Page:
The AHW also steadfastly campaigned against privatization of government hospitals, one of which is the planned sale of land where the National Center for Mental Health sits in Mandaluyong City. It was during the administration of the late dictator president Ferdinand Marcos when the government first planned to sell 118 hectares in Welfareville, the land where the NCMH stands. The AHW also steadfastly campaigned against the privatization, in the guise of modernization, of the Philippine Orthopedic Center (POC), which has now been awarded to the consortium of Megawide Construction Corporation and World Citi. The health workers, along with some patients, filed a petition for Temporary Restraining Order against the modernization project last Feb. 3 at the Supreme Court.
Attempts to overthrow AHW
Due to its critical stance on government policies affecting poor patients and health workers, Ebesate said there have been attempts by some to remove progressive leaders of health workers unions and to disaffiliate unions of health workers from AHW.
One such groups that has been working against AHW is the Unyon ng mga Kawani ng Kagawaran ng Kalusugan Sentral (UKKKS), a pro-management union under the Department of Health union.
“There was an instance sometime in 2008 when the UKKKS defeated the union at the National Kidney Transplant Institute in a certification election. During the time they controlled the recognized union, the UKKKS did nothing on the issues confronting health workers and patients. Now the NKTI employees union is once again affiliated with the AHW,” Ebesate told Bulatlat.com.
In fact, Ebesate said the UKKKS, now called as National DOH Employees Association (NDEA), has been “an accomplice to the rationalization plan at the DOH.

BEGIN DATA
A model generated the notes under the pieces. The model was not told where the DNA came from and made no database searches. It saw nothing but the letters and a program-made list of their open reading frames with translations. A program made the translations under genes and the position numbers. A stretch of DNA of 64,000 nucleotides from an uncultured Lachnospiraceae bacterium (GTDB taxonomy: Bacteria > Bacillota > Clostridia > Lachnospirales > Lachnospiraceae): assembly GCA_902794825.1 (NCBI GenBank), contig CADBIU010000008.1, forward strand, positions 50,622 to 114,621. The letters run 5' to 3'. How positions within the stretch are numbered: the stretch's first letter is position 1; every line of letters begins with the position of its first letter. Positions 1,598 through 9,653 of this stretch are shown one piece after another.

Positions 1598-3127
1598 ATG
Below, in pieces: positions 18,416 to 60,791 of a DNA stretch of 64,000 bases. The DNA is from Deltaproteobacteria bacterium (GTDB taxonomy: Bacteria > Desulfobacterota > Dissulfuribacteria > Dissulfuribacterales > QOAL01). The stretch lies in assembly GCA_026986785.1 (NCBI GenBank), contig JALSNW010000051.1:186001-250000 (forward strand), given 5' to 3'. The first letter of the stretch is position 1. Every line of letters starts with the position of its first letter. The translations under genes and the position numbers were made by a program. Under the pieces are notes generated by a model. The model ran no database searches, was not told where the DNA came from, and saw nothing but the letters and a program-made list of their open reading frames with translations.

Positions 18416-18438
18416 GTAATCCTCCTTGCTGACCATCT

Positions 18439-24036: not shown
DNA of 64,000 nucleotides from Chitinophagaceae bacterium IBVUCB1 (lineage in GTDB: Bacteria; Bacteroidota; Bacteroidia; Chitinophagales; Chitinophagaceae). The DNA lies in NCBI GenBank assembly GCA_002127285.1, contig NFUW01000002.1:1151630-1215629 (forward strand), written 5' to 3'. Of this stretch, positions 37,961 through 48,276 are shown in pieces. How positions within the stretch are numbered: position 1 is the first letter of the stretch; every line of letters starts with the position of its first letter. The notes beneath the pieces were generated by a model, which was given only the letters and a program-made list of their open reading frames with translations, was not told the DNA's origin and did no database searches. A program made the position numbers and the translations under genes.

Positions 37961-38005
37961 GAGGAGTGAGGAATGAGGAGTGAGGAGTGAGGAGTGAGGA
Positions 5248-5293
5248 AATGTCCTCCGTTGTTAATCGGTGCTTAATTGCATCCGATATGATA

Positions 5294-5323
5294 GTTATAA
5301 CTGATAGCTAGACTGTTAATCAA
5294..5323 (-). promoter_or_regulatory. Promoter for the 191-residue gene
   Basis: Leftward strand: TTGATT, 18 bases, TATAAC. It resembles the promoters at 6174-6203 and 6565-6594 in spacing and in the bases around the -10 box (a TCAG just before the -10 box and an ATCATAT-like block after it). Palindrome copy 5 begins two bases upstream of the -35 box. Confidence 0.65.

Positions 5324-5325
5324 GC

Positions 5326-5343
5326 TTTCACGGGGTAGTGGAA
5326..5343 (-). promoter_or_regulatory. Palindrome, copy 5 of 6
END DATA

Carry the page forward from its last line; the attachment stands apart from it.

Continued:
“At the Batangas Regional Hospital, the UKKKS won and wanted to disaffiliate the union from the AHW. But the employees, in a general assembly, did not agree because they know for a fact that the AHW truly upholds the rights of the health workers,” Ebesate added.
“It is only right that we are at the forefront of our struggle because we work closely with the patients. We know what they are going through and their situation. These are the things that Health Secretary Enrique Ona, Undersecretary Ted Herbosa and the President himself do not know because they are only confined in their air conditioned offices,” Sean Velchez, a registered nurse and president of the National Orthopedic Hospital Health Workers Union-AHW (NOHWU-AHW), said.
Unwavering commitment to defend health workers’ rights
“Despite all the hardships, we, health workers pledge to continue to serve the Filipino people,” Ebesate, also a chief nurse at the Philippine General Hospital, said.
Mark Maglangit, 48, a nursing assistant at the Philippine Heart Center and public relations officer of the employees union said the AHW helped him become aware of his rights as a health worker. “As a government employee we were anxious then that joining protest actions would result in our dismissal; but with the AHW, we get to understand that it is our right to also express our grievances.”
Ysmael, who has retired from service, is still active in organizing public health workers. “It is still in my heart to continue the struggle that we started way back in 1984 because nothing really changed much since then,” she told Bulatlat.com in an interview.
“We call on all health workers and the Filipino people to continue the tradition of militancy that brought us the gains and victories in our fight for jobs, salaries and rights. Let us continue the struggle toward a just, healthy and sovereign society,” Ebesate said.